The cryptocurrency exchanges in Japan have formed a self-regulatory organization and this is now proposing to set a limit on how much investors can actually borrow when they are margin trading. It was suggested by the Japan Virtual Currency Exchange Association (JVCEA) that the domestic trading platforms should enforce a restriction for all investors which will allow them to borrow for up to four times their deposit. This came about because currently there are no market rules which govern the upper limit of how much cryptocurrency investors can borrow in terms of margin trading and so the JVCEA said that the proposed plan will aim to protect domestic investors.
There were around 142,000 crypto traders in April, according to statistics which were released by Japan’s market watchdog the Financial Services Agency (FSA). These focused on derivatives in 2017, and they comprised of a small fraction of the total of 3 million traders in Japan. The JVCEA makes self-regulatory rules in order to create healthy cryptocurrency trading market. To get the regulator’s endorsement, it is now planning to submit a proposal to the FSA.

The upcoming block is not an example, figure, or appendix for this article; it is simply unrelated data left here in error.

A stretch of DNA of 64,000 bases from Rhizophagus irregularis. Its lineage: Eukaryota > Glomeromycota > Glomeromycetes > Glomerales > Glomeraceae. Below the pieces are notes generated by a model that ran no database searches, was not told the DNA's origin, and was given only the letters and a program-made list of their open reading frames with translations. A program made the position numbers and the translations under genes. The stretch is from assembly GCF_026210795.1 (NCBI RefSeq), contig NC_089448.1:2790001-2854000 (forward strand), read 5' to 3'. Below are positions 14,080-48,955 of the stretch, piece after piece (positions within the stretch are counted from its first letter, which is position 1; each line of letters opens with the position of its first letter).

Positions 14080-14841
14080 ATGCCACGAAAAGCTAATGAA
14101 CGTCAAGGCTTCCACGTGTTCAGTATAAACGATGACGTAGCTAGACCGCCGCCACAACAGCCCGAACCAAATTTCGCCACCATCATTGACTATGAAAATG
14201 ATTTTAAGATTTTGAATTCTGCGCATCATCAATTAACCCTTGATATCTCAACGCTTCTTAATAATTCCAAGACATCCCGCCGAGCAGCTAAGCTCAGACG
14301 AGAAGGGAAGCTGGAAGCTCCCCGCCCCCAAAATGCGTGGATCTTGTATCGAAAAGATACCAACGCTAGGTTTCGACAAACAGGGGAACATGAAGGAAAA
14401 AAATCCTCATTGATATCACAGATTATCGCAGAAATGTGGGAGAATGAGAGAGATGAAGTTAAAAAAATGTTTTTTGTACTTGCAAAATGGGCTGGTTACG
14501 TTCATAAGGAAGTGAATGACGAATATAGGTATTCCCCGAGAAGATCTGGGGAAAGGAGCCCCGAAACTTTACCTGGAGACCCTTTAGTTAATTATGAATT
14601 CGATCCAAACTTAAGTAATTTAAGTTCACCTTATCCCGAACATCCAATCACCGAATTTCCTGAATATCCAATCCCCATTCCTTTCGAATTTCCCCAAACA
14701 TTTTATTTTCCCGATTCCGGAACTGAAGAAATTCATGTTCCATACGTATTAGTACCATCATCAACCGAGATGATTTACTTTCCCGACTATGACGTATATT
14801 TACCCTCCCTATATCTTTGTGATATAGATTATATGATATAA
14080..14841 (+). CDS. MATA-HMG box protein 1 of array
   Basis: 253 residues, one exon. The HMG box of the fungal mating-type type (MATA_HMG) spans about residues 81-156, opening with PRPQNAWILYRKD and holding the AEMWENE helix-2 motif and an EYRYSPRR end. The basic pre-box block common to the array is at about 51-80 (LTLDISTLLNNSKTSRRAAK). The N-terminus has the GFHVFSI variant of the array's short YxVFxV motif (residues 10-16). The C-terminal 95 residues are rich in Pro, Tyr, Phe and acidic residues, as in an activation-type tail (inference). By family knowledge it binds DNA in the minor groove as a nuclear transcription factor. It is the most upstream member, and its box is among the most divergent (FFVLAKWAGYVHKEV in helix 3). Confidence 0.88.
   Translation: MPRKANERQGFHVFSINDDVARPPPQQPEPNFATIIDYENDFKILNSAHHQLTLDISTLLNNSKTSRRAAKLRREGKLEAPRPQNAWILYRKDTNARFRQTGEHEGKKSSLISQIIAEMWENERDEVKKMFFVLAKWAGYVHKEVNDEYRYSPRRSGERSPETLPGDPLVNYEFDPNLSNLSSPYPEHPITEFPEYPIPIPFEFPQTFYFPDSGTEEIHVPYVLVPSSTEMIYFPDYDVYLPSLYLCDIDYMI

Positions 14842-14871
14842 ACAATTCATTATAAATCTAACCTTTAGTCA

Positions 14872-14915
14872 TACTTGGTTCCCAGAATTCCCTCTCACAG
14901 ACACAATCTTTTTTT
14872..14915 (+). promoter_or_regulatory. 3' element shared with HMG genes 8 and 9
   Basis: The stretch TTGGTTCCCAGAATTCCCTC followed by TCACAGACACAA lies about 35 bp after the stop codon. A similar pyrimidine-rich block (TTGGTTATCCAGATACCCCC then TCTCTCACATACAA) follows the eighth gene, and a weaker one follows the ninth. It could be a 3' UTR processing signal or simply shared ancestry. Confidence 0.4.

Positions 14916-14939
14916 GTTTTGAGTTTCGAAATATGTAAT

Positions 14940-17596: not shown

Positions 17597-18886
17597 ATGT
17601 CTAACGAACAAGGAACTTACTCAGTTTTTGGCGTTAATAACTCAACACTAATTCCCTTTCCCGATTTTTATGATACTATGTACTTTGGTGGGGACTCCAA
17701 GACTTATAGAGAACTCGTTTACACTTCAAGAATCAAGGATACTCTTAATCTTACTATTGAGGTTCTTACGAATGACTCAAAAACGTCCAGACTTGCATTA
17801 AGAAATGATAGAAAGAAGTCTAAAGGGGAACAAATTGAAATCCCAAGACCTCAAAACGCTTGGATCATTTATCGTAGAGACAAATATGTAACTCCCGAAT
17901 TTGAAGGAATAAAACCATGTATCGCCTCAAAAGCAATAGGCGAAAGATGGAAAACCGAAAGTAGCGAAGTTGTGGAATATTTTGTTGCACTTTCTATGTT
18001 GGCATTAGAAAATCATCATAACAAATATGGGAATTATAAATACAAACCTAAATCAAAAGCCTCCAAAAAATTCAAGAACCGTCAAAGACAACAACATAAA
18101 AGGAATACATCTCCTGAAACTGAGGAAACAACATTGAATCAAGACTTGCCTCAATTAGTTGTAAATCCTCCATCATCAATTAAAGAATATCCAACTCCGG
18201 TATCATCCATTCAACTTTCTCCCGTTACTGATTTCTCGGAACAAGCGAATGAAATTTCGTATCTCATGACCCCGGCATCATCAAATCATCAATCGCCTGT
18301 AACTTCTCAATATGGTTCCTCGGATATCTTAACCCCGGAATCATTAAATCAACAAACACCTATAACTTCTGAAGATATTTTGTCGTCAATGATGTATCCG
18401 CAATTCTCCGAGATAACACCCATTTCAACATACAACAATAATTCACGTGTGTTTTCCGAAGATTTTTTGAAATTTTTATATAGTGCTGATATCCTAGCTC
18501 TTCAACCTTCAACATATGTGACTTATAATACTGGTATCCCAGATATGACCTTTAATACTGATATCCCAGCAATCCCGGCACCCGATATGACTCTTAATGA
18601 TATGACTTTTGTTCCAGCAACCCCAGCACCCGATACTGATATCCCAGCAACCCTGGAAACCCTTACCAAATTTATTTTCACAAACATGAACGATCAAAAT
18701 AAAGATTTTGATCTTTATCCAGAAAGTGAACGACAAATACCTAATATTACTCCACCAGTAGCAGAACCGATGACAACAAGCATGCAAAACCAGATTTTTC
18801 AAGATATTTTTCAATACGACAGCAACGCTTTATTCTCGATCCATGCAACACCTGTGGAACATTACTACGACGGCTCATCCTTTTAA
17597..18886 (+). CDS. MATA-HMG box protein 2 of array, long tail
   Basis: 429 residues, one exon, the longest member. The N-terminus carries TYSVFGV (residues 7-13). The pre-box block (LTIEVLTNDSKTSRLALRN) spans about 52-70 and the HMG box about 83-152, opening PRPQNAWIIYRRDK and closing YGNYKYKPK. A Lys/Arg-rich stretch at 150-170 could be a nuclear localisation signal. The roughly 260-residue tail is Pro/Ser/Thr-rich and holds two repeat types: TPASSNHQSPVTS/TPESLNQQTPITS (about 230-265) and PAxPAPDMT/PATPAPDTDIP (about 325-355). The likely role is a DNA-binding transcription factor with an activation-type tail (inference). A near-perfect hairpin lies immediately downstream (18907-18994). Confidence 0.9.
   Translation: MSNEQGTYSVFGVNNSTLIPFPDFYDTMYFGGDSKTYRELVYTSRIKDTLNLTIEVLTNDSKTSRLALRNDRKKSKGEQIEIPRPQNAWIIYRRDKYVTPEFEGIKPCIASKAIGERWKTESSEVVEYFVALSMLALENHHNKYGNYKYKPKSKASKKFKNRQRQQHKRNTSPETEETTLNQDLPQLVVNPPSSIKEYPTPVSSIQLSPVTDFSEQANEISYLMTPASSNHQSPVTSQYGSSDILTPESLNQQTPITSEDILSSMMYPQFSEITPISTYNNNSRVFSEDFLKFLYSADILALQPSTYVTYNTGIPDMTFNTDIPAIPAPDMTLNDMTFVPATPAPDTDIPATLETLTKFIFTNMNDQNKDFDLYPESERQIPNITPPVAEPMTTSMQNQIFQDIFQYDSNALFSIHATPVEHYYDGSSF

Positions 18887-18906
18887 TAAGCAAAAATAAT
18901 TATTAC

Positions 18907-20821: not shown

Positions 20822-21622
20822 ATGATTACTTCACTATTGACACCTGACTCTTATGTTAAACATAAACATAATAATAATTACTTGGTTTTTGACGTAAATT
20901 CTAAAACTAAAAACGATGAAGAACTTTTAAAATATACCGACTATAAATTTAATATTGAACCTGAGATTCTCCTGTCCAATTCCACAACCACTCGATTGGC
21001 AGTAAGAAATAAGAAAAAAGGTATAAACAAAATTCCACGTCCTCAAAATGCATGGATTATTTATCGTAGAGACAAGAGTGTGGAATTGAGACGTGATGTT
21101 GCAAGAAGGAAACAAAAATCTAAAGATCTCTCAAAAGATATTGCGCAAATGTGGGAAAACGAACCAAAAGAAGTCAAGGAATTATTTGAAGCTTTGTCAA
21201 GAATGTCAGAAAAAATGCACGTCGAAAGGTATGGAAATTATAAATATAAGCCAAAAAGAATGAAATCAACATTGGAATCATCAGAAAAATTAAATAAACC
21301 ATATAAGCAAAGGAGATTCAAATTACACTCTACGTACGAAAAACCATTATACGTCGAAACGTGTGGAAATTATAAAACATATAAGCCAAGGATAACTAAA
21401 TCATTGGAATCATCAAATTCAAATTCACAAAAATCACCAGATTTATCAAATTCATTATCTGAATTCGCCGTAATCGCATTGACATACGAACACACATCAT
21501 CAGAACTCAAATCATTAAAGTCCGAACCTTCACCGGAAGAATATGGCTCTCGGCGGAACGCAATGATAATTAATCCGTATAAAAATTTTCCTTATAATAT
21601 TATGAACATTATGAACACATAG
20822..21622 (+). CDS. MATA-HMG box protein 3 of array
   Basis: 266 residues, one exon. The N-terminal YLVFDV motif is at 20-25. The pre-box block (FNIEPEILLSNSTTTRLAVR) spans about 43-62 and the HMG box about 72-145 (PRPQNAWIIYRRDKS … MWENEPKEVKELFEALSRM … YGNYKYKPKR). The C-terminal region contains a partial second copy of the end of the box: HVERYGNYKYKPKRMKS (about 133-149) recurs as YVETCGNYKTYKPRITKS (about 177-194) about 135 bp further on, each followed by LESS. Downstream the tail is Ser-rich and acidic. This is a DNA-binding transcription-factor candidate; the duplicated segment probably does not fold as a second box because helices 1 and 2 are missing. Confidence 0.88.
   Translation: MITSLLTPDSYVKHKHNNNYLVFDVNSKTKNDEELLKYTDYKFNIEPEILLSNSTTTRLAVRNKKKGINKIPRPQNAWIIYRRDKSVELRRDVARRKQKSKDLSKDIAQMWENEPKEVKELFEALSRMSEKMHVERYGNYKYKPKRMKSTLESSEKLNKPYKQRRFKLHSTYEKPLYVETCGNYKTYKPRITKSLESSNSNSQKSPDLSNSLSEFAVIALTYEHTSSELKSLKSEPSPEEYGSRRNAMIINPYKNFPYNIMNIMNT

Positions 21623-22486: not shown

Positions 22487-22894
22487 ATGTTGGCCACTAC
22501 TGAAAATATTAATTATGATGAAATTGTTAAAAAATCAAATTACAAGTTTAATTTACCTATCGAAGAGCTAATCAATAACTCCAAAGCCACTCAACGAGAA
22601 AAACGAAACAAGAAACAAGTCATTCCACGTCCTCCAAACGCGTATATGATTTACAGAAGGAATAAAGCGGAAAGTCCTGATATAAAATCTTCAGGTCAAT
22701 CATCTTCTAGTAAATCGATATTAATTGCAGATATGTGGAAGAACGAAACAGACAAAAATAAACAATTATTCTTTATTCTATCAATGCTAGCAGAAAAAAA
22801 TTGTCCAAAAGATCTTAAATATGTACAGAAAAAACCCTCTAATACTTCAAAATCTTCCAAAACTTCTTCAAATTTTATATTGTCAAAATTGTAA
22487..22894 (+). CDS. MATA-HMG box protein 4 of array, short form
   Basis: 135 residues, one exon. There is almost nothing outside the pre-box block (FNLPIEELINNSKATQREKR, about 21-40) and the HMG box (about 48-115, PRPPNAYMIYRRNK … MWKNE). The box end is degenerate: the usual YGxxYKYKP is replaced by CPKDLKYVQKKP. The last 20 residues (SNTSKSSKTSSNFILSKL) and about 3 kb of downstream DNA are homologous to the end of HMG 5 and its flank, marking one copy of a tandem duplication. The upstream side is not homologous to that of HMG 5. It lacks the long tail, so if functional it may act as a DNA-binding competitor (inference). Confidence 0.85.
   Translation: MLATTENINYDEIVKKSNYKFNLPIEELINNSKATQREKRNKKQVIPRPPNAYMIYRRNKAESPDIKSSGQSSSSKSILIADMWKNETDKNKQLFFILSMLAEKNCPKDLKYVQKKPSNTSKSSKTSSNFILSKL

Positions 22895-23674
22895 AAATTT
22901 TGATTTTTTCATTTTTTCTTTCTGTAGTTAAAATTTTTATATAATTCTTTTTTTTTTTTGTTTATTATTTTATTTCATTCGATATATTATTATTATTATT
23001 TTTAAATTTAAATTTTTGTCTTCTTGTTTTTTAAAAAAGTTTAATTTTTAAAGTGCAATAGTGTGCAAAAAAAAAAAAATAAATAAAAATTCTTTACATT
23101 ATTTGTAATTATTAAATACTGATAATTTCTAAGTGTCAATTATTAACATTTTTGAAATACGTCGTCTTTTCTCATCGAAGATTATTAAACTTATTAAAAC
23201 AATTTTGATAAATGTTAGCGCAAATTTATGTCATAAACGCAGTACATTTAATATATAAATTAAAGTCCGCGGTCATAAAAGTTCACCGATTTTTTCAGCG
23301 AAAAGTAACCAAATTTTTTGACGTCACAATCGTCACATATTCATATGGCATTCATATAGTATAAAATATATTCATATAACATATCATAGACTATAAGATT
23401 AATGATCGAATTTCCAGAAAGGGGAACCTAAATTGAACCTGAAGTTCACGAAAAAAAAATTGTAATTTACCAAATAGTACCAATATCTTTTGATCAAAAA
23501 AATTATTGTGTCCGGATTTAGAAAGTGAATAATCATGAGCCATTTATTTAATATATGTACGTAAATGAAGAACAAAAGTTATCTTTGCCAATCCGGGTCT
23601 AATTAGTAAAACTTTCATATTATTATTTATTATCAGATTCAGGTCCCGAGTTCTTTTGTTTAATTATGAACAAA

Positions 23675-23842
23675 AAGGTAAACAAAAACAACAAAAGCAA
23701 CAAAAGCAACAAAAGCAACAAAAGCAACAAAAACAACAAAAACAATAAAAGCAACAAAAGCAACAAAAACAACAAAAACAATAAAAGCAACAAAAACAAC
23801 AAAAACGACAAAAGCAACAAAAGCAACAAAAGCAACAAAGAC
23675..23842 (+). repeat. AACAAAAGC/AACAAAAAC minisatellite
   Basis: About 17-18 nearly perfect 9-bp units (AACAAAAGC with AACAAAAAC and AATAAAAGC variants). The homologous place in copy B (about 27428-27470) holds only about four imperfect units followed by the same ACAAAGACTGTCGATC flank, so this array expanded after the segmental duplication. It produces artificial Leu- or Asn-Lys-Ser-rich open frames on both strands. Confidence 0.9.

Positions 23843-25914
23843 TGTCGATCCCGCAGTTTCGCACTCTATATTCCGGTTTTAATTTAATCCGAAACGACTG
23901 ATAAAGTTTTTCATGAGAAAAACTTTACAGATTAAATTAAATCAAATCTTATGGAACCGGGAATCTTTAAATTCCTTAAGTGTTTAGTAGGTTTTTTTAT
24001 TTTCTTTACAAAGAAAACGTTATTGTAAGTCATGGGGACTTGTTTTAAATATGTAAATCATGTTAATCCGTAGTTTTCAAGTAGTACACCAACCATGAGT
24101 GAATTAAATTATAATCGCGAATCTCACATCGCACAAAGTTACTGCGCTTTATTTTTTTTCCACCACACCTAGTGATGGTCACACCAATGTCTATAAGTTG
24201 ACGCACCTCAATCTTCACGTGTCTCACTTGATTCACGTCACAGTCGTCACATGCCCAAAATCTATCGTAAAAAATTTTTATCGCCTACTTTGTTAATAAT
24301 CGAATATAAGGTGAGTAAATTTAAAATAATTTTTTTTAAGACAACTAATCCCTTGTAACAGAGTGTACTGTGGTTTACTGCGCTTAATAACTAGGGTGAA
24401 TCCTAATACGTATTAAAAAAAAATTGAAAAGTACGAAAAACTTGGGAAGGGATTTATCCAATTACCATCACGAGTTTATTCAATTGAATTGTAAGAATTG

In 2017, $543 billion was recorded as cryptocurrency trading and this is over 80 per cent of the entire total of the cryptocurrency trading volume which came from derivatives trading. Margin traders accounted for more than 90 per cent of that total.
The JVCEA imposes self-regulatory rules to try and create a healthy cryptocurrency trading market. The JVCEA was formed by Japanese crypto exchanges in a response to a heist earlier this year on the Coincheck platform. In order to get the regulator’s endorsement for a potential wider implementation, it is now planning to submit the proposal to the FSA.
However, with the introduction of this new rule, there is the risk that this could lead to the departure from exchanges by crypto investors, the association was quoted as saying. It would allow exchanges to independently set its own limits and aims to add measures gradually to be able to eradicate this problem.